Beyond disappointed
One of my favourite retro games is Beyond Good & Evil. It’s not really a clone but it’s one of my favourite Zelda style games and I was really excited to finally see the sequel… until it turned out it didn’t seem to have anything in common with the original. And had the most bizarre potty mouth trailer I’ve ever seen.

I can’t imagine anyway they could’ve put of fans of the original and those that didn’t know what it was any more. And now it’s probably not coming out anyway, or at least I haven’t seen anything new on it for what seems like at least a year now.

Catch up on every previous Games Inbox here

Discovering a classic
With Final Fantasy 7 in the news at the moment my answer to this would be Chrono Trigger. It’s very well known by role-playing fans but especially in the UK, where it was never released when it originally came out, it’s nowhere near as well known as it should be. But for me it’s easily the best Japanese role-player ever, and miles ahead of any Final Fantasy game.

It was streamlining content years before any others, it doesn’t have random battles, it requires very little level grinding, and it’s not a 100-hour adventure full of padding and collecting crystals. It’s got its story to tell and it does it, and while the plot is a bit convoluted the characters are very strong and memorable and help it feel like a real story, rather than just a bunch of action figures with a back story.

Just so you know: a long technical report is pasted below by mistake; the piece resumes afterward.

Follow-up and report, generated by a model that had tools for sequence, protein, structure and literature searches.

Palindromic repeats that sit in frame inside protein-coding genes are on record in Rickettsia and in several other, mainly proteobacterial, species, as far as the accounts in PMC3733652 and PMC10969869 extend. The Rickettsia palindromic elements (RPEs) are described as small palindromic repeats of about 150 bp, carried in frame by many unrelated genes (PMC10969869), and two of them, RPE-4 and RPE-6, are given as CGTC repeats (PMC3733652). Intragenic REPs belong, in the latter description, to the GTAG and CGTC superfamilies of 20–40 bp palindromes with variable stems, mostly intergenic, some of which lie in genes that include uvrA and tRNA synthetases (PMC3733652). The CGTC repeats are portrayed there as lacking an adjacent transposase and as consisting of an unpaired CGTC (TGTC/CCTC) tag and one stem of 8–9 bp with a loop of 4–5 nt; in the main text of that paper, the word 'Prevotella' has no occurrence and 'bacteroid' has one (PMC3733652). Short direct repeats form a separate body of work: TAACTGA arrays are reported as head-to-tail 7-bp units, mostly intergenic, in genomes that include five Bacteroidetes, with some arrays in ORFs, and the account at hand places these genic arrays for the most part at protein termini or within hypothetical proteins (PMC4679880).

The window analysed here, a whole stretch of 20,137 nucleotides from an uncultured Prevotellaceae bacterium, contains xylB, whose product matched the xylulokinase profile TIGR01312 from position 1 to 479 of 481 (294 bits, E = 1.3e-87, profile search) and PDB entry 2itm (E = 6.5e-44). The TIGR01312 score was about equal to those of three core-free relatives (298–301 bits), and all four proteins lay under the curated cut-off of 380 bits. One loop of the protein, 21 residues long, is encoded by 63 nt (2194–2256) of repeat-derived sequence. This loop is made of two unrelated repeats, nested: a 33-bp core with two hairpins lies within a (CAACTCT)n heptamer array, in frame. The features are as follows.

It’s available on DS, PC, and smartphones, so very easy to pick up now. I’d advise it to anyone looking to while away some time during lockdown and learn about one of the true classics of Japanese role-playing. A game that’s had a huge influence but never been quite as famous as it should be.

E-mail your comments to: gamecentral@ukmetro.co.uk

The small print
New Inbox updates appear every weekday morning, with special Hot Topic Inboxes at the weekend. Readers’ letters are used on merit and may be edited for length.

You can also submit your own 500 to 600-word Reader’s Feature at any time, which if used will be shown in the next available weekend slot.

You can also leave your comments below and don’t forget to follow us on Twitter.

MORE: Games Inbox: Final Fantasy 7 fan verdict, Final Fantasy 7-2 sequel, and Alien Isolation 2 dreams

MORE: Games Inbox: PS5 DualSense controller reaction, Xbox Series X vs. PlayStation 5, and Xbox All Access

MORE: Games Inbox: Best Call Of Duty Modern Warfare, Final Fantasy 7 Remake forever, and SNES game on Switch

Follow Metro Gaming on Twitter and email us at gamecentral@metro.co.uk

For more stories like this, check our Gaming page.

Source link

No comments